Setting Our Affection. 257, Oct 11, 2020

Edition 257 ( 3 min read)



Moreover, because I have set my affection to the house of my God, I have of mine own proper good, of gold and silver, which I have given to the house of my God, over and above all that I have prepared for the holy house. 1 Chronicles 29:3


How important are affections? There are many relationships where people say they love someone, yet that someone would never know it. 


I recall a husband whose wife divorced him, saying she was sick of his grunts and insults. He said he loved her, but she never felt his affections. 


For instance, she came home one day with a new dress and tried it on. Then, waltzing out of the bedroom in the hope of catching a compliment from her husband, or at least an acknowledgement of her looking pretty, she asked with a smile as she spun around, "Well, what do you think? Do you like it?


What was his response? He just looked up and in a surly tone said, "I'd tell you if I didn't, wouldn't I?"  


We can say we love someone, but if affection is missing, that someone means no more to us than a chattel or useful piece of equipment.


In our scripture, we see the depth of David's love for his Lord. He had 'set' his affection. Affection, like love, is an act of our will. When we love someone we determine ourselves to love them. Emotions start some relationships off, but later, when the embers of passion have lost some of their blazing glory, instead of thinking the relationship is over, it's really just beginning. We stoke up the embers and the marriage takes on a new perspective, turning into a co-joining of magnificence. In his mind, David married himself to the Lord.


Proverbs 23:26 states, "My son, give me thine heart, and let thine eyes observe my ways." In other words, set your affection.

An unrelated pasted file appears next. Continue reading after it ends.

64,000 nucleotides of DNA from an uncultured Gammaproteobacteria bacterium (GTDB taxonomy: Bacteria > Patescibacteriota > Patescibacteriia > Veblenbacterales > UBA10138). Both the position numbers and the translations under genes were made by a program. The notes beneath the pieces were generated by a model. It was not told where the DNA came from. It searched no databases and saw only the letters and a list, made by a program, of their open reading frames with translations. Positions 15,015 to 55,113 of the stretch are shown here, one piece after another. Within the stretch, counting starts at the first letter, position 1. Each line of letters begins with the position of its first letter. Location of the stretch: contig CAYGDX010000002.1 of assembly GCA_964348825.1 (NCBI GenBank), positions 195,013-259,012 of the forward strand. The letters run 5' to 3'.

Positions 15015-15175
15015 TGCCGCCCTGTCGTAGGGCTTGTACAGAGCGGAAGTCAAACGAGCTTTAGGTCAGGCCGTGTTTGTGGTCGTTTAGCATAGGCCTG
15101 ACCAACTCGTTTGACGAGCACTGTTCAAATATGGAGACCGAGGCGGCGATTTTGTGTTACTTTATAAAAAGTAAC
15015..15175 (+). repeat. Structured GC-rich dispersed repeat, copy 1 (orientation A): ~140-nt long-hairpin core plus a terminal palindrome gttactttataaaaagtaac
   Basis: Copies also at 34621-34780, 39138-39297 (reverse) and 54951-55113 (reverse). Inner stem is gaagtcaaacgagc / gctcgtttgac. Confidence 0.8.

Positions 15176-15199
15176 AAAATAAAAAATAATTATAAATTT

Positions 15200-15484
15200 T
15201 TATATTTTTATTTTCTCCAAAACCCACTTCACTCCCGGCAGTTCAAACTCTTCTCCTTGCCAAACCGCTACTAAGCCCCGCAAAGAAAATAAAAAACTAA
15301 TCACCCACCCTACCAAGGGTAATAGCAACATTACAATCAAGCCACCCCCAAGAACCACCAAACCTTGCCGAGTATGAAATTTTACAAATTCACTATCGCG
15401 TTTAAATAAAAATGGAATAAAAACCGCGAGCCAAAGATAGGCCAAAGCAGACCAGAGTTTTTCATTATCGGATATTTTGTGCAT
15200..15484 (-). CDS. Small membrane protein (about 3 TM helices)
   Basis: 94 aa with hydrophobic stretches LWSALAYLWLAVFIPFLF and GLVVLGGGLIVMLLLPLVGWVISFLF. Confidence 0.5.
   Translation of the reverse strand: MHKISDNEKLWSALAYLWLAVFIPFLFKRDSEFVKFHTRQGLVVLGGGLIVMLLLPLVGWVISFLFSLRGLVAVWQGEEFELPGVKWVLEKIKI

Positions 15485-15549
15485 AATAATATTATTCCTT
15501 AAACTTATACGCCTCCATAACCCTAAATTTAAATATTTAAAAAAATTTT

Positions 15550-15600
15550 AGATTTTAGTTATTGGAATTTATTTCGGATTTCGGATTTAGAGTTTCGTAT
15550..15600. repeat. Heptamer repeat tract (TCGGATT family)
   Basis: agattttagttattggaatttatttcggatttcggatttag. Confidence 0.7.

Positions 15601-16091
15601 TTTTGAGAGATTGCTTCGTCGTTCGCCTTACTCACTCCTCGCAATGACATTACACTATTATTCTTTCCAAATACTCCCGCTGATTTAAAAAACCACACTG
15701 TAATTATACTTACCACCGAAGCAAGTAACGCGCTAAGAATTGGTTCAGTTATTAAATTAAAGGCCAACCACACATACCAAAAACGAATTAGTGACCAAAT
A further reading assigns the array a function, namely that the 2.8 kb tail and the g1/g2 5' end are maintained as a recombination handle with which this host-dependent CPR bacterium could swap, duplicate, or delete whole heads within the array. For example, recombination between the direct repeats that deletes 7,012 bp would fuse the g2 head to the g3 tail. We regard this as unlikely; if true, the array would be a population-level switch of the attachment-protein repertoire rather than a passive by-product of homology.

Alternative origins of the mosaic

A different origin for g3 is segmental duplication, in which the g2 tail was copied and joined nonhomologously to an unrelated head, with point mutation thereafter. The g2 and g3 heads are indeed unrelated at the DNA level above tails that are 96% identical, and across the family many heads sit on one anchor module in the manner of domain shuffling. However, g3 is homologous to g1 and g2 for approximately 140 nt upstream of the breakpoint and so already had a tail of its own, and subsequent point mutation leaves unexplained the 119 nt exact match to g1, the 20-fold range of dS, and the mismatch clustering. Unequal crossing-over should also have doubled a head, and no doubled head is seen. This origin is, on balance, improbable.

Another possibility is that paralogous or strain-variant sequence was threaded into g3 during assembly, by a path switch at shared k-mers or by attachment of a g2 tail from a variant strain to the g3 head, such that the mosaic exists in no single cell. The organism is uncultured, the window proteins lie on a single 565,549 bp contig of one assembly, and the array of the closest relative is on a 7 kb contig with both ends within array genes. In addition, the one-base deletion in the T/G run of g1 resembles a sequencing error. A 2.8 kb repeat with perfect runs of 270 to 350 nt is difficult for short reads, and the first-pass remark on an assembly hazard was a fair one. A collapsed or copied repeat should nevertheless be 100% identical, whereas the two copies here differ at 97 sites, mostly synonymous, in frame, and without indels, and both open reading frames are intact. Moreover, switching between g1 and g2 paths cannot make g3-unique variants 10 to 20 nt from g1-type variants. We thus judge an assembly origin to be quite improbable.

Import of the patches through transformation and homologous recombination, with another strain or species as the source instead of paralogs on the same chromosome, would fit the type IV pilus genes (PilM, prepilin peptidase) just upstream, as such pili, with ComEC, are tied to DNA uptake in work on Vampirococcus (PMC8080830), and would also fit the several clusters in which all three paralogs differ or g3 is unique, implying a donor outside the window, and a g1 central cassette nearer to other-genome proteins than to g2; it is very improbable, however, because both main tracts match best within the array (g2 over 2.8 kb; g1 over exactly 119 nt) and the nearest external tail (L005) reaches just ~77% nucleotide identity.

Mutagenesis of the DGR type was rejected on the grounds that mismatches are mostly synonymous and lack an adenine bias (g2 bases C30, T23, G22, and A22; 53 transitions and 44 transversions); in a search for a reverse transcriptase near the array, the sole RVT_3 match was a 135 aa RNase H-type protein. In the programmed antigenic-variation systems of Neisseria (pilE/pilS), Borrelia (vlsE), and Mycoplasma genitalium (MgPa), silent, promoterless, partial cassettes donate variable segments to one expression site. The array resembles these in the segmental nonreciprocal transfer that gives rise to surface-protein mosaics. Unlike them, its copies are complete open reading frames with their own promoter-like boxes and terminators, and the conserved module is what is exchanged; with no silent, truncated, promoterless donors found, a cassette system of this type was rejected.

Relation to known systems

For the word "affection" in the original Hebrew, H7521, we get the meanings of pleasure, delight, favourable, acceptable. David set his affection because preparing the materials for building the holy house of his God was his pleasure. It was his delight, and in it, he found favour and an acceptable offering unto the Lord. We know the Lord didn't let David build that holy house because he "had blood on his hands" but we do know the Lord accepted his materials, all of them.  


As you go forward in your Christian walk, where do you find your affection set? Are you on fire to build God's holy house in your heart? Is it your one great yearning? Or do you find yourself split between competing objects of desire?


King David had to work the works of a king, but underpinning those daily duties was a burning desire to get the house built, to make sure all the materials were right according to the blueprint. David was like Moses, in the sense that neither of them was allowed to enjoy the work of their hands. It was all in promise.  


We also see our work in a future aspect, but we are expected to build that house — make our hearts a precious place for the Lord. Not according to a resentful affection, like the surly husband, but a set affection for our Saviour to glory in. An acceptable affection. God is not a chattel or piece of equipment we use on church day or when in trouble, He is our all, our everything!


How do we set affection?

We see David gave of his own gold and silver, not brass and copper. We give of our best times of the day when we are fresh and ready to worship, communicate and study. David made sure the materials were sturdy and timeless in the holy house. When we read our Bible or study, we should do it with the attitude of a diligent student, who says "I need to know this" instead of "I need to get out of this lecture so I can sink more beers."


As we read his Psalms, we see David's heart was inquisitive but most times full of joy. His heart was just bursting to be in the same room as his Lord. He loved him like he loved nothing else. He even said he would prefer to be a doorkeeper in the Lord's house than a kingdom-owner in this world. 


Our affection is set by a decision to marry our Saviour, where our focus becomes interdependent. We need him more than anything else, and he needs us to get the work done, to build his church with the right materials. 


Today's prayer: Dear Lord, thank you again for another snippet of your wonderful word. We don't always need pages of scripture to receive instruction. Even these crumbs which fall from the master's table tell us volumes. Please help me set or reset my affection for your glory. 

Photo by Nick Fewings

0 views0 comments